As we shall discuss in later chapters, this story is typical of most UFO sightings: something is spotted that the observer can't identify, so it becomes an "unidentified flying object," or "UFO." Then the account snowballs into a more exaggerated version as people immediately jump to the conclusion that it is an alien craft. The "unidentified" flying object is then exposed as a hoax or as some other more prosaic natural phenomenon. But even after a satisfactory explanation is given (and even when the hoaxer confesses), people still refuse to believe the truth and insist that the object was an alien spacecraft.
We will look at all these elements of typical UFO stories in later chapters. But first: how does a scientist examine the claims about UFOs and aliens?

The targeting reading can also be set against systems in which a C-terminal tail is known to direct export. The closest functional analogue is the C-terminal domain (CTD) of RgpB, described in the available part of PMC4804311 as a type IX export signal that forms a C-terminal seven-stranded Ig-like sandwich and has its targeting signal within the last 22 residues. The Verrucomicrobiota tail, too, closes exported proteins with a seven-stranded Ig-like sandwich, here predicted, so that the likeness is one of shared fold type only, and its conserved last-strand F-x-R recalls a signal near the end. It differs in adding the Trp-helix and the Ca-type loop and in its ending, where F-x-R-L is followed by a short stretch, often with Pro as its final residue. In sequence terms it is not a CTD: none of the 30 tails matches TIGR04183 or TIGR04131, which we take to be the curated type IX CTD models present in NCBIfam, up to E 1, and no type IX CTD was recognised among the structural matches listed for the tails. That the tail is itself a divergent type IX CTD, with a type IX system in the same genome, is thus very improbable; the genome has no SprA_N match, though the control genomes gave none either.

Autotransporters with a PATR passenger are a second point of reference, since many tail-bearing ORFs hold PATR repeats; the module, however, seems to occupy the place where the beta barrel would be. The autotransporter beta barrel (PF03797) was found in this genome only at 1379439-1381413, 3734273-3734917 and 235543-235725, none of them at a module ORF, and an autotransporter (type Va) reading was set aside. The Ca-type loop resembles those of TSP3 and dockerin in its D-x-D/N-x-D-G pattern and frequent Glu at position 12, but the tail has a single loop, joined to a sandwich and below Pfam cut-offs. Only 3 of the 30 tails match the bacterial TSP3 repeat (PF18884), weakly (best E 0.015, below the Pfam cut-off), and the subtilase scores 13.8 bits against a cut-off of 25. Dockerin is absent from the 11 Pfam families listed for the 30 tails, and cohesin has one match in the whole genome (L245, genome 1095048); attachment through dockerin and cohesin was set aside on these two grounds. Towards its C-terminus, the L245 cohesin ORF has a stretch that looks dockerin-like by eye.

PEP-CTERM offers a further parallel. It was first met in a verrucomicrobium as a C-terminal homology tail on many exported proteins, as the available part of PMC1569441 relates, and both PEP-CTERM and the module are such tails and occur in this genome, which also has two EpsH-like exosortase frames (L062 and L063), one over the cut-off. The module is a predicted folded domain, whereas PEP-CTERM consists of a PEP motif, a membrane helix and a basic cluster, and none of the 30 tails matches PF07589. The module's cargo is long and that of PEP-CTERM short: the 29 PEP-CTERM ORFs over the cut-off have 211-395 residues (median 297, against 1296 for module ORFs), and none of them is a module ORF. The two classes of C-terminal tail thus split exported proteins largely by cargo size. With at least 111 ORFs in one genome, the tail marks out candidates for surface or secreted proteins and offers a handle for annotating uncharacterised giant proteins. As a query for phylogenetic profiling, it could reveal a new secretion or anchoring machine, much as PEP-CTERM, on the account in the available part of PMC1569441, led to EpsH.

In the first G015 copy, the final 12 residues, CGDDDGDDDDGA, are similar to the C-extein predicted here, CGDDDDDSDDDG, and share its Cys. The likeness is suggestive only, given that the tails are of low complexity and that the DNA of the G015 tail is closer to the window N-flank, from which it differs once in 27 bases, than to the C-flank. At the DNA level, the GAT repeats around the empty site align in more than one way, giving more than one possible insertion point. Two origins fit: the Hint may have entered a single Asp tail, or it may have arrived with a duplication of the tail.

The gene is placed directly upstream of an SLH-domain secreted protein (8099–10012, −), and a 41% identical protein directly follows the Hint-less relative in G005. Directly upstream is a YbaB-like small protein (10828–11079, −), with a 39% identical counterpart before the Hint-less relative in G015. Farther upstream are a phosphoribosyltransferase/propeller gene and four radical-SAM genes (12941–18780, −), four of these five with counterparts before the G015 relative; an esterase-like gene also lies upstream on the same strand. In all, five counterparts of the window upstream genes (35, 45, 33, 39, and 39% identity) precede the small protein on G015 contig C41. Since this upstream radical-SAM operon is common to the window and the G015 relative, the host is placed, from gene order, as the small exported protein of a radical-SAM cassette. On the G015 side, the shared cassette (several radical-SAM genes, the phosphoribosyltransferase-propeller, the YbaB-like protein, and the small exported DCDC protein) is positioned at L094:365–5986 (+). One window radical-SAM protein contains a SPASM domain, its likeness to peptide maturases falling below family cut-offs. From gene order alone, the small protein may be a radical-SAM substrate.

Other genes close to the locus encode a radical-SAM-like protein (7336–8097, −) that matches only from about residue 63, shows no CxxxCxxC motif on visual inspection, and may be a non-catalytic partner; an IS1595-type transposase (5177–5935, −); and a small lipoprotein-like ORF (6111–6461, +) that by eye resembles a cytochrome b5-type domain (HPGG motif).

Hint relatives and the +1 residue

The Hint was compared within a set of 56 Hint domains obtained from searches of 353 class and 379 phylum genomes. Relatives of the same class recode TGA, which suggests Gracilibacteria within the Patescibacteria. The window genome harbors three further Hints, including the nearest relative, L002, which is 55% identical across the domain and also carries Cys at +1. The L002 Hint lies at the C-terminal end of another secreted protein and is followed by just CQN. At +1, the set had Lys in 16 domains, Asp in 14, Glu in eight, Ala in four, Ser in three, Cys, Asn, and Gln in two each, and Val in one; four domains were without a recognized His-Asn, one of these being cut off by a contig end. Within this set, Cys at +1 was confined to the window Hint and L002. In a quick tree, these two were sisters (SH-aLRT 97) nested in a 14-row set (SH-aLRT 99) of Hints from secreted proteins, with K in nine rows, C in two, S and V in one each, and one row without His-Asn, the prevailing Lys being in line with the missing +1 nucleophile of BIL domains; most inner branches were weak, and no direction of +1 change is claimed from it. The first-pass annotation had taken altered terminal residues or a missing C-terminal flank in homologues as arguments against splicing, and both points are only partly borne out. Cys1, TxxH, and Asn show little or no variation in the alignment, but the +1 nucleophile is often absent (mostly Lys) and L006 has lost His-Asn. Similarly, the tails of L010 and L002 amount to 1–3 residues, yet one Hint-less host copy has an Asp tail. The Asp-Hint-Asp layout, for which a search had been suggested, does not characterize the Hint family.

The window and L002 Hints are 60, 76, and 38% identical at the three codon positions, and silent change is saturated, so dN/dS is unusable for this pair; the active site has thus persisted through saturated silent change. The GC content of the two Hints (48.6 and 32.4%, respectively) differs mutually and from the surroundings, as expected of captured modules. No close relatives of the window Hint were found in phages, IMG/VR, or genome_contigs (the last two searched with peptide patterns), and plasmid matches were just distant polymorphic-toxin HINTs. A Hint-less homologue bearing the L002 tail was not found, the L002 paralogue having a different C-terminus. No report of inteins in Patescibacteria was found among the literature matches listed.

SCIENCE AND PSEUDOSCIENCE
There are many hypotheses in science which are wrong. That's perfectly all right; they're the aperture to finding out what's right. Science is a self-correcting process. To be accepted, new ideas must survive the most rigorous standards of evidence and scrutiny.
— Carl Sagan
Stories such as this one raise important questions: How do we evaluate the claims? How do we decide whether they're credible? As we shall see in this book, there have been a huge number of hoaxes whenever the topic of UFOs and aliens is involved. How can we tell whether we're being conned and fooled?